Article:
Dance and art

Radical Transparency: Staying afloat - Dance Informa Magazine

Riverside Parramatta Theatres, Sydney.
March 18, 2022.

The Lennox Theatre at Riverside Theatres was packed, with the masked audience taking their seats while a performer dressed in a bold and colorful outfit sang while playing guitar.

Radical transparency is the latest work presented by FORM Dance Projects and the company WE ARE HERE as part of March Dance and Dance Bites 2022.

WE ARE HERE is an innovative contemporary dance company directed by Emma Saunders. It is a base for independent dance artists, often from Western Sydney, to study and deepen their choreographic practice under Saunders' guidance.

Radical transparency attempts to examine the mix between honesty and artifice, the wild and the tame, the light and the dark, the process and the performance, the raw and the fabricated, and whether it is now possible to present new dance work that is sustainable, wild, dynamic and afloat while it feels like everything is flowing. He asks Why We dance and move and encourage us to feel our bodies and interact with nature as well as the use of modern technology. (The production uses split screen projections at one point.) Other issues the work considers are solitude and the reality or otherwise of time and place.

The work includes voice-over, speech and singing. Film footage is included, and throughout the work the back screen text is revealed, with the performers speaking the text (and sometimes improvising over it). In the shadows on one side of the stage is a huge mountain of various materials that various performers are using, and at one point there is a great visual effect where the company forms a snaking pile, pushed against the material.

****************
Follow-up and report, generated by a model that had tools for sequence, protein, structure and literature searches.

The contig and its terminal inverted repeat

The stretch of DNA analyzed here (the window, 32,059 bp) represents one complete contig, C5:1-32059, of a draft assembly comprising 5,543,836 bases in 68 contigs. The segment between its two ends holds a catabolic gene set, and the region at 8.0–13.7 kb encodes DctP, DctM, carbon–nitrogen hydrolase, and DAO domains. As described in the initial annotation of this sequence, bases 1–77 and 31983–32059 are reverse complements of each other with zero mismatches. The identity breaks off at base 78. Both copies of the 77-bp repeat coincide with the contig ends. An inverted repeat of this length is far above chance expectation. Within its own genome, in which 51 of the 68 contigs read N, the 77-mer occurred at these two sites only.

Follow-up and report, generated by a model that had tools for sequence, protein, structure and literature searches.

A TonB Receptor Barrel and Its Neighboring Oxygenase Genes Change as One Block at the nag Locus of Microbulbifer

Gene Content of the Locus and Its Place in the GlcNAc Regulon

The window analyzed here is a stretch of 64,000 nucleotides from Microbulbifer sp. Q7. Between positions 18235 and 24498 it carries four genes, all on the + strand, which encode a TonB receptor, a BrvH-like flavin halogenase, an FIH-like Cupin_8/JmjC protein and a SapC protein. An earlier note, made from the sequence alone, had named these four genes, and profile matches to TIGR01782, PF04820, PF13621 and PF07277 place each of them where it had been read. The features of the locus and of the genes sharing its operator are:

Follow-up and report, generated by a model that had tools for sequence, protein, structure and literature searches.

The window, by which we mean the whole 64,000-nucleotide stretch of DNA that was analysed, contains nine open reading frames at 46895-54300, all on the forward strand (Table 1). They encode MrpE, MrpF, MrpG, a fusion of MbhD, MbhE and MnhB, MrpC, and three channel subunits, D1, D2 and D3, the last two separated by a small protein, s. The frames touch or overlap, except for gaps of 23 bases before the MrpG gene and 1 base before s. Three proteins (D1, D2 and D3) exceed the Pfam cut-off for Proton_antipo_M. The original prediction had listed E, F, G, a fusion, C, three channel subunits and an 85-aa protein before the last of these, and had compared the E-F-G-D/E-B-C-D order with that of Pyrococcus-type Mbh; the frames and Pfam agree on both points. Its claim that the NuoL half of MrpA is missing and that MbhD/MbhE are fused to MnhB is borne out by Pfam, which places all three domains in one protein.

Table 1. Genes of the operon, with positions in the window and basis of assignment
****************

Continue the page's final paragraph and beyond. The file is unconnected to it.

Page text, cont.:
The choreography is quite demanding and mixes many styles. Sometimes the actors interact, and there are rolling floors and backbends, for example. Also included are twisting hip movements, showbiz style choreography, half-peak climbs, running, circular and/or angular arms, crawling and kicking. Add to that towards the end a rhythm count and quick claps, high kicks and lunges, among others.

There is a projection of someone getting out of bed, walking down the stairs, watching TV, falling on the back of the couch and then "swimming," the use of a reflection in a mirror, a woman at home, a man who seems to be going crazy with hands and feet spinning. Much is made of synchronized ensemble work, but this contrasts with the mini solos and duets; at one point, one of the performers tries to escape but can't.

Radical transparency is a demanding and questioning work.

By Lynne Lancaster of Information on dance.






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